Under its ride-share program, a kilogram can be placed in a sun-synchronous orbit for a mere 1.1 million dollars, far cheaper than all other currently operating small satellite launch vehicles.

The reusability and fast booster turnaround times have made Falcon 9 the preferred choice for private companies and government agencies. This has allowed SpaceX to capture a huge portion of the launch market.

Image: SpaceX / Ben Cooper

From this

launch site

LC-39A - Kennedy Space Center, Florida
February 15, 2024

NASA's historic Kennedy Space Center is located on Cape Canaveral, Florida, and has hosted decades of historic space missions since the early days of the Apollo program.

Today, Kennedy Space Center is a multi-user spaceport and hosts private companies like Boeing, Lockheed Martin, SpaceX, and others.

SpaceX leases Launch Complex 39A at NASA's flagship facility and uses the pad to launch its Falcon Heavy and Falcon 9 rockets. The pad is also used to launch missions for the Commercial Crew Program for which SpaceX launches astronauts to the Space Station for NASA aboard their Crew Dragon capsule.

Launch Complex 39A was previously used by NASA to launch the Apollo 11 mission to land the first humans on the moon and Space Shuttle missions to assemble the International Space Station and upgrade the Hubble Space Telescope.

Image: Erik Kuna for Supercluster

Booster will

land here

Landing Zone 1 (LZ-1)
February 15, 2024

LZ-1

Landing Zone 1 (LZ-1) is an 86 meter wide circular landing pad at the Cape Canaveral Space Force Station and is one of two SpaceX booster landing pads at the Florida spaceport.

Built on former Launch Complex 13, LZ-1 was the site of SpaceX's first successful landing and recovery of a Falcon 9 on the ORBCOMM-2 mission in December 2015. Since then, it has hosted 16 landings.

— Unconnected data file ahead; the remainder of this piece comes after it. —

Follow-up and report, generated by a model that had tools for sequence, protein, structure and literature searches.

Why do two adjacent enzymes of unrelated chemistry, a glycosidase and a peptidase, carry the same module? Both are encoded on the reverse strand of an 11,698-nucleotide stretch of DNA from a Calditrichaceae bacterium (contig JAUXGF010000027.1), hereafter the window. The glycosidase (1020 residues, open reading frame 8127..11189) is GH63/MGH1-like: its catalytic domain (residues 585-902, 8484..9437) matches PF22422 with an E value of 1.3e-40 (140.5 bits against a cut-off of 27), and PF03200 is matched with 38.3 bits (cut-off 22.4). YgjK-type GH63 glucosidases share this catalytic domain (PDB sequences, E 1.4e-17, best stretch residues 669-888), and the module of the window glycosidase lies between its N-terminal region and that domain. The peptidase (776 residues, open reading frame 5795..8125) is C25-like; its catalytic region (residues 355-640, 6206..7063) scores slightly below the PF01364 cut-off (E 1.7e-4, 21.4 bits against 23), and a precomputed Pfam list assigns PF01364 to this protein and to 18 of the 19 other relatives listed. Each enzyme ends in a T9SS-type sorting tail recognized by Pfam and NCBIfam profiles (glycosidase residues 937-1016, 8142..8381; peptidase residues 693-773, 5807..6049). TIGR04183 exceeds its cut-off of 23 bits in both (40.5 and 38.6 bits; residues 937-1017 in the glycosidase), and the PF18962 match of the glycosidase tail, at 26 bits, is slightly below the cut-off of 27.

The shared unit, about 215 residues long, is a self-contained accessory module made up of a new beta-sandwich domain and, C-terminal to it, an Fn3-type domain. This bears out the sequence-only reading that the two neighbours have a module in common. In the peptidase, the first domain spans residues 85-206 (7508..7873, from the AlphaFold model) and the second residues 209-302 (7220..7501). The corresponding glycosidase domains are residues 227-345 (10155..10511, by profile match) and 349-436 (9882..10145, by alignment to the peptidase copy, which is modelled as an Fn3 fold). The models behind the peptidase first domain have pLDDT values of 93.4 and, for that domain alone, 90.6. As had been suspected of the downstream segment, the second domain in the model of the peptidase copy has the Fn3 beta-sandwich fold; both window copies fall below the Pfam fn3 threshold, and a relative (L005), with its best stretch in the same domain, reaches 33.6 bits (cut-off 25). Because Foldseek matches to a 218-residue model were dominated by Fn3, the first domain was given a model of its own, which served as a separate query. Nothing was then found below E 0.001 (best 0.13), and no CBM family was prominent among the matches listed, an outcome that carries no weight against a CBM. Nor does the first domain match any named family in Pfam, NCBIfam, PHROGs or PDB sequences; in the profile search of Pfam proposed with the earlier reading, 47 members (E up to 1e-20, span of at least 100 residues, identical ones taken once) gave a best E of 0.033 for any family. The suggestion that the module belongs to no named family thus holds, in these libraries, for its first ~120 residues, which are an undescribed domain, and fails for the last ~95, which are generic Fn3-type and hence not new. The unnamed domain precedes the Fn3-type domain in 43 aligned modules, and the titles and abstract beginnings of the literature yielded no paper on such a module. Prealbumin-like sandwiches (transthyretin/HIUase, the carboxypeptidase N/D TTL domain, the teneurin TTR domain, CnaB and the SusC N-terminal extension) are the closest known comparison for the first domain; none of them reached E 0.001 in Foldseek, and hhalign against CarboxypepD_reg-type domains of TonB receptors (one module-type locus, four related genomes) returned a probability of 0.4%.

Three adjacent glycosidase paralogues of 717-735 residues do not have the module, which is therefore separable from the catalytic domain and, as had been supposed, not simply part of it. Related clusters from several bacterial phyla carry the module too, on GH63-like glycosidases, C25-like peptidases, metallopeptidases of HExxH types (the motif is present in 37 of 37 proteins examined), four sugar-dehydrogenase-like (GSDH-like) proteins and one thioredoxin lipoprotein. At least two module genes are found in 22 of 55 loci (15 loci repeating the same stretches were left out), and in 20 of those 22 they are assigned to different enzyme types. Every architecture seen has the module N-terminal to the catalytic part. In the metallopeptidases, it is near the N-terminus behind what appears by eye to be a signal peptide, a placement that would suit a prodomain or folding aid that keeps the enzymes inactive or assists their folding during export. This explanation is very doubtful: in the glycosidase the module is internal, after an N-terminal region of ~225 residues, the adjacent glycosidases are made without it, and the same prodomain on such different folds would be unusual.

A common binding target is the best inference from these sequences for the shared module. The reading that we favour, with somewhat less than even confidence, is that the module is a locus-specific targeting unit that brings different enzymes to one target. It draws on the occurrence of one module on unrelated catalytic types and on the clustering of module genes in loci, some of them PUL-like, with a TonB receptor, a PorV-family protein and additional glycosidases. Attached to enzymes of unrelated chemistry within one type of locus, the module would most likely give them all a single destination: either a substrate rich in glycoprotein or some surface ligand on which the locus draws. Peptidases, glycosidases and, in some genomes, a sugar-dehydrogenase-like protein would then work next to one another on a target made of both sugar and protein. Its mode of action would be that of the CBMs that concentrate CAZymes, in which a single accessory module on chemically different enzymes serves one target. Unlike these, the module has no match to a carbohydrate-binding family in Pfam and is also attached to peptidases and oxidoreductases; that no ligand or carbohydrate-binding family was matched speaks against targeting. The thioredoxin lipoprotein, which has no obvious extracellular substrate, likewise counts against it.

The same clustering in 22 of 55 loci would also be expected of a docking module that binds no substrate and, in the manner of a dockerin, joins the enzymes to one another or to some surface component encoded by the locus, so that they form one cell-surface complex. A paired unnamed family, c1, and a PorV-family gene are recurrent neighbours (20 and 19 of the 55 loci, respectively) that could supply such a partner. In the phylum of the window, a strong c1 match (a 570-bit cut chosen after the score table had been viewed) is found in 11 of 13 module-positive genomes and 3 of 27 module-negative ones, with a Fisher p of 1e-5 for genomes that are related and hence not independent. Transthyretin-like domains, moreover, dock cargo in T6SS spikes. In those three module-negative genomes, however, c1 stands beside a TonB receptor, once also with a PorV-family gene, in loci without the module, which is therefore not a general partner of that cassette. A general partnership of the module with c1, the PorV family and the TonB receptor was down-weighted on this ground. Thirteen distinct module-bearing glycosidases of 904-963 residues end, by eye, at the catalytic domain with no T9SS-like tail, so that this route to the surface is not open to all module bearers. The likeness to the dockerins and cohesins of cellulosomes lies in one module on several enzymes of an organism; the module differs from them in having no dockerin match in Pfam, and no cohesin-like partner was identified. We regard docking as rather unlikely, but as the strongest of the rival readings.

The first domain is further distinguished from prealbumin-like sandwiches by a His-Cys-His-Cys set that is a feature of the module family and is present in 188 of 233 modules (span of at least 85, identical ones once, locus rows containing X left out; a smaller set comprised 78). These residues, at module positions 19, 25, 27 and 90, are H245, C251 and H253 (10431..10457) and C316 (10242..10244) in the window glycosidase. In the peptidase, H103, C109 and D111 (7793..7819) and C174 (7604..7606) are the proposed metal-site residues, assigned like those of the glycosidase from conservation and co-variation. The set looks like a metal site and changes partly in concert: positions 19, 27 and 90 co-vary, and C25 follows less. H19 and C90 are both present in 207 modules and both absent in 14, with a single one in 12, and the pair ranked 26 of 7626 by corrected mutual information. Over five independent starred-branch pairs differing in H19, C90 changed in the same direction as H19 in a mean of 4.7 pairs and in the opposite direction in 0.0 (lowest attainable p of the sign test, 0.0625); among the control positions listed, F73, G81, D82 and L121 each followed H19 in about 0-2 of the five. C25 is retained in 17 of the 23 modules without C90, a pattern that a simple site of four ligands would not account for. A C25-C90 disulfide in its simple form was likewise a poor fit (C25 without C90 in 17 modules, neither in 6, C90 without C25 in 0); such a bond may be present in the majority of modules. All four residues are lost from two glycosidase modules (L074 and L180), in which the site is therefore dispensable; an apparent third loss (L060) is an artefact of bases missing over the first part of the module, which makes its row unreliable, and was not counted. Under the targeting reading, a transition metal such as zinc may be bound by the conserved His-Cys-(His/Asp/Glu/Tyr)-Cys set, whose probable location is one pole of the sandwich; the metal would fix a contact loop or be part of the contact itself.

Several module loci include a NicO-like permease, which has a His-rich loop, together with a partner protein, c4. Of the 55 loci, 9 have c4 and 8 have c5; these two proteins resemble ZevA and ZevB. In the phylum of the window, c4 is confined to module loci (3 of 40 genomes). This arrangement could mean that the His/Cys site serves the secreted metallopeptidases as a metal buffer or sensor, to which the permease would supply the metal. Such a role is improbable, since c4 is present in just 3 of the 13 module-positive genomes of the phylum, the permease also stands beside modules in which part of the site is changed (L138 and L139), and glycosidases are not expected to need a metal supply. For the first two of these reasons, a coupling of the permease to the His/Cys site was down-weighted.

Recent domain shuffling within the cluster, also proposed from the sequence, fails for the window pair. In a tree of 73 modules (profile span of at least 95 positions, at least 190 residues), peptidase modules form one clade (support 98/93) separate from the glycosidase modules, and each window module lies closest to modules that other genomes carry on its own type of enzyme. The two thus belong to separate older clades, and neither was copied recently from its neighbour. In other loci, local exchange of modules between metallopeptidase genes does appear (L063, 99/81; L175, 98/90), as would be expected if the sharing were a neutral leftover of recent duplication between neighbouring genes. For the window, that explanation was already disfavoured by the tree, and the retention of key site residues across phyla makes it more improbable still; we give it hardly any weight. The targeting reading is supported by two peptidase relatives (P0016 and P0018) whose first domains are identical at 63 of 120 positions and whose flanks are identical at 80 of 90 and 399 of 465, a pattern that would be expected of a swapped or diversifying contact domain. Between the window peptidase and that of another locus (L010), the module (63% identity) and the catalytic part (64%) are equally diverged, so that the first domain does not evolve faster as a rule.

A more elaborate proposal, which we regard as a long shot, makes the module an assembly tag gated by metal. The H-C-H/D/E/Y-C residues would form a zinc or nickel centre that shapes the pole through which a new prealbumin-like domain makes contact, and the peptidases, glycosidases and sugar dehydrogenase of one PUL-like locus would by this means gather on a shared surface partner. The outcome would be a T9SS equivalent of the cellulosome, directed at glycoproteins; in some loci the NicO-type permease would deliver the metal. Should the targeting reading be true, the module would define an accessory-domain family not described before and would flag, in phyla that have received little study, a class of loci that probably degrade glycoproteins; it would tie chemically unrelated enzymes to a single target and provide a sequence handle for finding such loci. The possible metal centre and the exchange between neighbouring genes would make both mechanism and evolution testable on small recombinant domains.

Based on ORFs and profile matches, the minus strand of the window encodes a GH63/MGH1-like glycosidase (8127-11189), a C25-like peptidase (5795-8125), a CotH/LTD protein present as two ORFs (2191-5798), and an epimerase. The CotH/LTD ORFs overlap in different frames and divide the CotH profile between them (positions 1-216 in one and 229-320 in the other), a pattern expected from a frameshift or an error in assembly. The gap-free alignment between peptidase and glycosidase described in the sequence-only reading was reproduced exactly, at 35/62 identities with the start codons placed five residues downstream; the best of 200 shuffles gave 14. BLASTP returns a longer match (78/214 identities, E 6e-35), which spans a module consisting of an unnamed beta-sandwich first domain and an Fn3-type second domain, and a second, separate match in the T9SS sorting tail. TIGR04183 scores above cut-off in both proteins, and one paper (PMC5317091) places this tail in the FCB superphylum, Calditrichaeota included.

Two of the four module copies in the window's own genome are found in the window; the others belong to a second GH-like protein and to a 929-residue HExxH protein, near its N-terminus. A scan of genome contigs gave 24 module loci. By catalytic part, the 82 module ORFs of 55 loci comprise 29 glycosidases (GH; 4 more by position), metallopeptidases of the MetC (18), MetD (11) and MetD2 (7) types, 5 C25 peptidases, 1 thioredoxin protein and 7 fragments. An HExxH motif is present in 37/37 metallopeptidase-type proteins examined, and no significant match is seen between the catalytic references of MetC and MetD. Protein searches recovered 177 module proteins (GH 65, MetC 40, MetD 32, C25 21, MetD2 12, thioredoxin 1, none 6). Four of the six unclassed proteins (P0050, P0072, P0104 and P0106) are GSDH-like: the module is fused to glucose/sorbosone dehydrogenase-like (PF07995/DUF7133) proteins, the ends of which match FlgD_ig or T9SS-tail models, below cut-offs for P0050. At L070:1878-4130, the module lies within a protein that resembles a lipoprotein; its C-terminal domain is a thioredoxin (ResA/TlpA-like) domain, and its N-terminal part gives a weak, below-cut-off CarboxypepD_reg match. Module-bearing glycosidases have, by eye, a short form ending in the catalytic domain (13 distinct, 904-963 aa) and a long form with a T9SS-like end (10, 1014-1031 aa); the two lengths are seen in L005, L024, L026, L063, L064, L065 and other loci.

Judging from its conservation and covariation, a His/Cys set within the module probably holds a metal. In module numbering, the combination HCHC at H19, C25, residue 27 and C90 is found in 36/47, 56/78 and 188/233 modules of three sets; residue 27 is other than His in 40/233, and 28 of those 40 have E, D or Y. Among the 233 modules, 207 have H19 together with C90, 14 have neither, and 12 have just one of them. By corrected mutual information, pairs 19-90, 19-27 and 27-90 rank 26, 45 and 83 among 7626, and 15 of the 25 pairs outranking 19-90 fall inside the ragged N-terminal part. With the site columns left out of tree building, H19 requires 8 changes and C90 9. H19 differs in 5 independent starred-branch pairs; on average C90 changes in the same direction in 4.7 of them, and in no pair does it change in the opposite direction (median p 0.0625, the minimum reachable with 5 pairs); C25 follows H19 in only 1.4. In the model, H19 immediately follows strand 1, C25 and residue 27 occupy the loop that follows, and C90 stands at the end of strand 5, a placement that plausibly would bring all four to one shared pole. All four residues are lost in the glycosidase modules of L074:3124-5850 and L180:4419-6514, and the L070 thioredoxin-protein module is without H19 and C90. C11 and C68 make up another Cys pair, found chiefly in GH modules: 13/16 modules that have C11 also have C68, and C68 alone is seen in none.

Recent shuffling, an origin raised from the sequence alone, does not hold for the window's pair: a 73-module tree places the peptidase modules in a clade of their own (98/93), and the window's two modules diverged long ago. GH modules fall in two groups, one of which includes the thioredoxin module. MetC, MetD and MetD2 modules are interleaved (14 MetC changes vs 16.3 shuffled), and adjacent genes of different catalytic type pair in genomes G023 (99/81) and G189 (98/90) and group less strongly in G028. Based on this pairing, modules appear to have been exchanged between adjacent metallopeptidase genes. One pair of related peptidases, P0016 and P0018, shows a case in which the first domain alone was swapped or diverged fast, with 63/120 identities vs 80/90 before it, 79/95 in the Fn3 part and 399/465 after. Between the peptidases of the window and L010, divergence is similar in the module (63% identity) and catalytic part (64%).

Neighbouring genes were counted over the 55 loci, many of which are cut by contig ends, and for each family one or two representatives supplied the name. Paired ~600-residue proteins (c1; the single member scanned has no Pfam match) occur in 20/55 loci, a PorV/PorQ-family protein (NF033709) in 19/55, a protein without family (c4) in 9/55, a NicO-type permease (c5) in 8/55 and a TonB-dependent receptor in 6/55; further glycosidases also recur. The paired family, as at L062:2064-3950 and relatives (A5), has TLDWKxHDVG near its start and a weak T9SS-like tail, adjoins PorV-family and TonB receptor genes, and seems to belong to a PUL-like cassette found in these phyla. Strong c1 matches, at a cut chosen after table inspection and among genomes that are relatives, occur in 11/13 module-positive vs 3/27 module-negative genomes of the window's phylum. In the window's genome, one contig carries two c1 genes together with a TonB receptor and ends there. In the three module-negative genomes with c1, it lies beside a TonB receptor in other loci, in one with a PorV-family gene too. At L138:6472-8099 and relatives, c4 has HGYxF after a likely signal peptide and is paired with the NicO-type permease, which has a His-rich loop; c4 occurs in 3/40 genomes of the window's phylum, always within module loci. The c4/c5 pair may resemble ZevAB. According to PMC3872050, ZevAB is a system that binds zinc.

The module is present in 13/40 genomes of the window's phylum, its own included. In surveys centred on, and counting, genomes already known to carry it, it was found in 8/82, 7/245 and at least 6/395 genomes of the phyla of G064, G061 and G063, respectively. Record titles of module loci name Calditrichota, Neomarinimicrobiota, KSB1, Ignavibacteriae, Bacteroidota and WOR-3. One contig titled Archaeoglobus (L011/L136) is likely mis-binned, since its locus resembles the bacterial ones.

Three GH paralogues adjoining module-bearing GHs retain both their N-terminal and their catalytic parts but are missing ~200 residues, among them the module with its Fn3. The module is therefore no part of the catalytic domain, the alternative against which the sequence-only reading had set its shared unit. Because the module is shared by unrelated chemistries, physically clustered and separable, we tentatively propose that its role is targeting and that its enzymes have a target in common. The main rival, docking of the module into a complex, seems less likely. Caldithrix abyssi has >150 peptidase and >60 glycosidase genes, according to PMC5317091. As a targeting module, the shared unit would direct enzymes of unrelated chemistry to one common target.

The landing pad, as well as its twin, LZ-2 located a few dozen meters away, can support both single landings of a Falcon 9 or simultaneous landings of the two Falcon Heavy side boosters.

Photo: Jenny Hautmann for Supercluster

Nova-C Will

Land Here

Crater Malapert A

Nova-C will take five days to reach the Moon following its launch, entering lunar orbit for a day before finally attempting a nerve-wracking landing on the Moon. It is targeting the rim of a crater at the Moon’s south pole called Malapert A for the landing, having been asked by NASA to move its landing site earlier this year. “We’ll be further south than anybody’s been,” says Altemus. “That’s a fantastic place to set up a research station.”

The stationary Nova-C lander will carry with it several instruments to study the Moon’s surface. The goal of the mission is “scientific discovery and engineering technologies,” says Altemus. While some instruments are supplied by NASA, others are from partners that have paid for space on the lander, highlighting potential commercial opportunities from future Moon landings.

That will include studying the lunar dust, which is “superfine like talcum powder” says Altemus, to see how it interacts with the dust plume of the lander. Other studies will measure radio waves on the Moon, while there will also be a camera to take images of the Milky Way from the surface of the Moon. “It’ll be an interesting view that no one’s ever seen of the Milky Way galaxy,” says Altemus.

Other instruments will monitor the touchdown of Nova-C, including a 360-degree camera supplied by Embry–Riddle Aeronautical University in Ohio that will fall to the surface ahead of the lander and take pictures of the landing. And there’s even a piece of fabric for US clothing company Columbia Sportswear on board, perhaps a brazen example of potential private partnerships. “It’s partly a sponsorship and partly an engineering technology demonstration,” says Altemus.

Credit: Jonathan O'Callaghan in "NASA-Funded Private Moon Race Begins With Dueling Landers" for Supercluster

Here's where to view Nova-C (IM-1)

Viewing Sites
  • Alan Shepard Park
  • A. Max Brewer Parkway Bridge
  • Saturn V Building / Banana Creek
  • Cherie Down Park
  • Cocoa Beach Pier
  • Jetty Park
  • Kennedy Space Center Visitor Complex
  • Lori Wilson Park
  • Playalinda Beach
  • Rotary Riverfront Park
  • Sand Point Park
  • Sidney Fischer Park
  • Space View Park

Space is for everyone. Here’s a link to share the launch with your friends.